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Wisconsin wochenblatt. [volume] : (Winona, Minn. ;) 1921-19??
Alternative Titles:
  • Wausau wochenblatt
Place of publication:
Winona, Minn. ;
Geographic coverage:
  • Winona, Winona, Minnesota  |  View more titles from this: City County, State
  • Neillsville, Clark, Wisconsin  |  View more titles from this: City County, State
  • Portage, Columbia, Wisconsin  |  View more titles from this: City County, State
  • Eau Claire, Eau Claire, Wisconsin  |  View more titles from this: City County, State
  • La Crosse, La Crosse, Wisconsin  |  View more titles from this: City County, State
  • Wausau, Marathon, Wisconsin  |  View more titles from this: City County, State
Westlicher Herold Pub.
Dates of publication:
  • Began with Oct. 21, 1921 issue?
  • German
  • Added masthead: Wausau wochenblatt; <Jahrg. 46, no. 3 (28 Oct., 1921)>-
  • Description based on: Jahrg. 46, no. 3 (28 Oct., 1921).
  • On masthead: "Winona, Minn., La Crosse, Portage, Eau Claire, Wausau, Neillsville, Wis."
sn 86086892
Preceding Titles:
View complete holdings information

Nord Stern, Morgen Stern, Nordstern Blätter, Nord Stern Blätter and Wisconsin Wochenblatt

The Nord Stern was the first German-language newspaper published in La Crosse, Wisconsin. The weekly was first published by C. Halbwachs in 1856. Swiss-born John Ulrich and German-born John Fischer took over as editors in the spring of the following year. Fischer stayed on board until 1860, while Ulrich continued to publish the newspaper until 1883.

Catering to a large German immigrant readership, the publication emphasized news from the German provinces, Austria, and Switzerland and included local and national news as well.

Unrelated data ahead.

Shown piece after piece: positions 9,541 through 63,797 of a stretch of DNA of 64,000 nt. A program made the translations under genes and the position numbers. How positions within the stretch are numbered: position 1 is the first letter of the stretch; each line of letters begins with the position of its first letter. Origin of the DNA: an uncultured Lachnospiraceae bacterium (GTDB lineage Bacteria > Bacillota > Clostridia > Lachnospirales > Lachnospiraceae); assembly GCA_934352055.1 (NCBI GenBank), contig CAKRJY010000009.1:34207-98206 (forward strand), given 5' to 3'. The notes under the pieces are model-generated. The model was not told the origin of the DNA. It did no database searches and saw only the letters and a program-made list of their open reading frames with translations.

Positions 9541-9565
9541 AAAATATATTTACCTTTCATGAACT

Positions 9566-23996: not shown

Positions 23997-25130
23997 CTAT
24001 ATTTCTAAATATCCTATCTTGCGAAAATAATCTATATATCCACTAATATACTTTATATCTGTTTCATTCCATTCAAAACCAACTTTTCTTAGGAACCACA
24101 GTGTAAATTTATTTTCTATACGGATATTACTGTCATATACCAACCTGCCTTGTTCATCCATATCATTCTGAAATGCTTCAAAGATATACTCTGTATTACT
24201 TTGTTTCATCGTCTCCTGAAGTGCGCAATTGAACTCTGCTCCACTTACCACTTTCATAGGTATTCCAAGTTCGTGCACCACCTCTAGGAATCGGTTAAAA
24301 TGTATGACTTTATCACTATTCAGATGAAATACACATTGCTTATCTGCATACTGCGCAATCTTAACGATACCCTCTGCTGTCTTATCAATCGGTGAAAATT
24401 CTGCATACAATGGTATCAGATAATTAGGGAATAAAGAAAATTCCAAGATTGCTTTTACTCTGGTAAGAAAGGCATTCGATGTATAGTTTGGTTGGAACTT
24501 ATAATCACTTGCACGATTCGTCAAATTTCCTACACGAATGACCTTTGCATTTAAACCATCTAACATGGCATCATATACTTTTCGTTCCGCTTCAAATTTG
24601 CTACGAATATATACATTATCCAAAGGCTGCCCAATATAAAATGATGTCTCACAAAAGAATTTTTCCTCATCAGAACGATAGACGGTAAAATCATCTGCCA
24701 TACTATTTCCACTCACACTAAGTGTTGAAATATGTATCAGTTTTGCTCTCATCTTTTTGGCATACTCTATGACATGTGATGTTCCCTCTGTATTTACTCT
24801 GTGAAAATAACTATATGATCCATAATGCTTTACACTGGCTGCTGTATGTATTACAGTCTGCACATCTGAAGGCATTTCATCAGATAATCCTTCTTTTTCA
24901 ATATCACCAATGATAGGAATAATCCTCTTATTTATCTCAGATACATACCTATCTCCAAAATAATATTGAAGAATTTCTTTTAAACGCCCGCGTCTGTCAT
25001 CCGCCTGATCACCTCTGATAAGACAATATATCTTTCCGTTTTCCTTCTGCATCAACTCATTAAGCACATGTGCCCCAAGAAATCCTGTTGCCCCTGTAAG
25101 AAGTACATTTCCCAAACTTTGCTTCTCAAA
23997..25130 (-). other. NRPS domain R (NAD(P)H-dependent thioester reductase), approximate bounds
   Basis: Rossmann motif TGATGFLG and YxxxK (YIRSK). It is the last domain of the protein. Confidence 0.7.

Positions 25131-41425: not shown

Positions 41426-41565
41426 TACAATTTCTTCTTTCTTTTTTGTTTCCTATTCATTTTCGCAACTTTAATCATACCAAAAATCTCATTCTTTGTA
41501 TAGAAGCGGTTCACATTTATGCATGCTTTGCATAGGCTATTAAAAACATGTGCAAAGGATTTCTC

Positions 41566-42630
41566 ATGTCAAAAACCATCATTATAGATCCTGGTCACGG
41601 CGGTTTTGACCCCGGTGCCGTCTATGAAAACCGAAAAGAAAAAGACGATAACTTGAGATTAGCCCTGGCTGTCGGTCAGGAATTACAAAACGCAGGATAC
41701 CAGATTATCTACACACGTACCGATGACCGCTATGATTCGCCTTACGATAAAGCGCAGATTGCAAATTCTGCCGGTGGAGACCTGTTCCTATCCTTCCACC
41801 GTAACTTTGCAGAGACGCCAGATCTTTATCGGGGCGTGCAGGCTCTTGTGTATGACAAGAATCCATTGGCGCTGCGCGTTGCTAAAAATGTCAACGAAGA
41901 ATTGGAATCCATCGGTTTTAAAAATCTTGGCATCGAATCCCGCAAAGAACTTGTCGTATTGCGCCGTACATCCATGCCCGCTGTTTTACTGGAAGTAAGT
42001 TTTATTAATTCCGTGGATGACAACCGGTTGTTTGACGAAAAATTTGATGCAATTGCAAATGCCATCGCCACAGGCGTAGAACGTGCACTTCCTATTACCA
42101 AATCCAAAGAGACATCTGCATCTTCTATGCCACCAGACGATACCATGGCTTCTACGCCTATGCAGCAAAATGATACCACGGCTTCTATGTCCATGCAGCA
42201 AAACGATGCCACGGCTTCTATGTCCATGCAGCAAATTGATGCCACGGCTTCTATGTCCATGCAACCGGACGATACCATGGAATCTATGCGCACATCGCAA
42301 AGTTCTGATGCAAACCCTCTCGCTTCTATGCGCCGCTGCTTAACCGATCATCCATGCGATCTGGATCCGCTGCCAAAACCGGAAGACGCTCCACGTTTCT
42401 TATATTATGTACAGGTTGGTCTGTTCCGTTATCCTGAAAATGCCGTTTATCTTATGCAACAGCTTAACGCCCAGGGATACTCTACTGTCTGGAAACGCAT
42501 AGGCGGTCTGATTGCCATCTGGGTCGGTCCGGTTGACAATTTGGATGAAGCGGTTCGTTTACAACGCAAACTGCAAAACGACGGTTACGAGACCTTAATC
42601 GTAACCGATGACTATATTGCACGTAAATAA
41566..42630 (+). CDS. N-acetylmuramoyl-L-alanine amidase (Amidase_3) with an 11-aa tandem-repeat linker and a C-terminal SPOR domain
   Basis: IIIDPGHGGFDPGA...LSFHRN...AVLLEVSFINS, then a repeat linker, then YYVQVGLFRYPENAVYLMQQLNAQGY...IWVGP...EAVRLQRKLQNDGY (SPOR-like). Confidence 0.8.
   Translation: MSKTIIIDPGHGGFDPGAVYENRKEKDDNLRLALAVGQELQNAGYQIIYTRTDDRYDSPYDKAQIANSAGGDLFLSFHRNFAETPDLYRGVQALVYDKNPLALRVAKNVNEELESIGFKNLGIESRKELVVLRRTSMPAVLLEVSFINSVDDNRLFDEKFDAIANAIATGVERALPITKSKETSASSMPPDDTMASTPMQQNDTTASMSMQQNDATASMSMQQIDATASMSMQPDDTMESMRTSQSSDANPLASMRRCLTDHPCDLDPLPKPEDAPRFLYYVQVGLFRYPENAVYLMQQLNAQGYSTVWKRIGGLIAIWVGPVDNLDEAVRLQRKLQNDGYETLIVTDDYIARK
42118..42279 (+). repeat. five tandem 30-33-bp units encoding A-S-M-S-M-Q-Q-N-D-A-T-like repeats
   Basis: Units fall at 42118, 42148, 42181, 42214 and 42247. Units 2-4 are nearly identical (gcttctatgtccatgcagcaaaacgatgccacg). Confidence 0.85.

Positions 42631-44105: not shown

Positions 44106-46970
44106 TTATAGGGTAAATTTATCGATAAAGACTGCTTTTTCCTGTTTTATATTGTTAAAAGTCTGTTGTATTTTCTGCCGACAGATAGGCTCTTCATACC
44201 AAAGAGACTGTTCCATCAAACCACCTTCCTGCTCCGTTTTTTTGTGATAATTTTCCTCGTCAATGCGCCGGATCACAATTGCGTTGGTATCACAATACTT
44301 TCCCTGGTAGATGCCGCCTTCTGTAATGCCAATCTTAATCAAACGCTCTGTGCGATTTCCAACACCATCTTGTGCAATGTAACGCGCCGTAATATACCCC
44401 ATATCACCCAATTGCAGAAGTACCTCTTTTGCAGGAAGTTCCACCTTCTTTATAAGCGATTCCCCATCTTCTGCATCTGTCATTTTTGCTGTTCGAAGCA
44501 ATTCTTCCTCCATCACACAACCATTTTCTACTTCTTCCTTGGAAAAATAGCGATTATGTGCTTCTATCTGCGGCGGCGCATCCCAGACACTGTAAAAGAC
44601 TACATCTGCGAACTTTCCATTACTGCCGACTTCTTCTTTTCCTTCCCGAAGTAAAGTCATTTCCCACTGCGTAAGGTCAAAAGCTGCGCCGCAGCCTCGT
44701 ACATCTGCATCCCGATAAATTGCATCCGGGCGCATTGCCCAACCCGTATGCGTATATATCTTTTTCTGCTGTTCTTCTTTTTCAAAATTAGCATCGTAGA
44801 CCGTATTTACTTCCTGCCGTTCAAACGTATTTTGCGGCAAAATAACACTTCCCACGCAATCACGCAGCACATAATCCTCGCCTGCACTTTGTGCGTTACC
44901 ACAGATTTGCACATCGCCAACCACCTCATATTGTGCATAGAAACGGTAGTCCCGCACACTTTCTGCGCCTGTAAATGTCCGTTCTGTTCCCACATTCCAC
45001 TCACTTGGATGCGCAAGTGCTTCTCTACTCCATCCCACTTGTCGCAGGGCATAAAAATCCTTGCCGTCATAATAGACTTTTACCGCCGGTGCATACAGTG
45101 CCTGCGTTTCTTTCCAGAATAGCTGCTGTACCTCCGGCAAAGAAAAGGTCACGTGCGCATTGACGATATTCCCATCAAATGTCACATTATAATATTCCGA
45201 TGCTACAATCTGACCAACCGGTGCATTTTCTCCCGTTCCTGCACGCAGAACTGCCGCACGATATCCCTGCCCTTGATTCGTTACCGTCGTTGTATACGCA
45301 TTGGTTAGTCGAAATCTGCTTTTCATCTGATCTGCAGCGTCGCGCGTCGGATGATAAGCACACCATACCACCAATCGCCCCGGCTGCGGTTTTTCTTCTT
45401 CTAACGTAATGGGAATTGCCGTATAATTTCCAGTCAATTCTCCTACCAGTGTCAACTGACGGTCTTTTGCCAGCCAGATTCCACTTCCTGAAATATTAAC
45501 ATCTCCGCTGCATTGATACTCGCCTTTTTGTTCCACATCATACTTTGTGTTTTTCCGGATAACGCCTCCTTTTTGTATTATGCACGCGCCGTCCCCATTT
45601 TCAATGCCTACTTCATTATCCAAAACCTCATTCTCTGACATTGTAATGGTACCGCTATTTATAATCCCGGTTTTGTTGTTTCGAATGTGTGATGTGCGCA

Adolph Candrian, who had previously worked as a correspondent from Chicago for the Nord Stern, became the publisher in 1883 and ran the newspaper until it was consolidated with the Wisconsin Wochenblatt from Winona, Minnesota. Candrian added a variety of new publications to the publishing company: the Nord Stern Blätter, 1891-1906, followed by the Nordstern Blätter, 1906-1914, and the Morgen Stern, 1914-1921, all published in La Crosse.

A characteristic feature found in later issues of the Nord Stern were small illustrations, which oftentimes accompanied the first letter of some articles.

World War I led to some changes in the publication. In September 1917, following the United States' entry into the war, a note in English was added to the masthead: "This is an American Newspaper printed in the German Language." Later the phrase "The Pioneer Newspaper of La Crosse, devoted to American Aims and Ideals" was placed at the top of the masthead to stress the publishing company's and readership's loyalty and American patriotism.

Provided by: Wisconsin Historical Society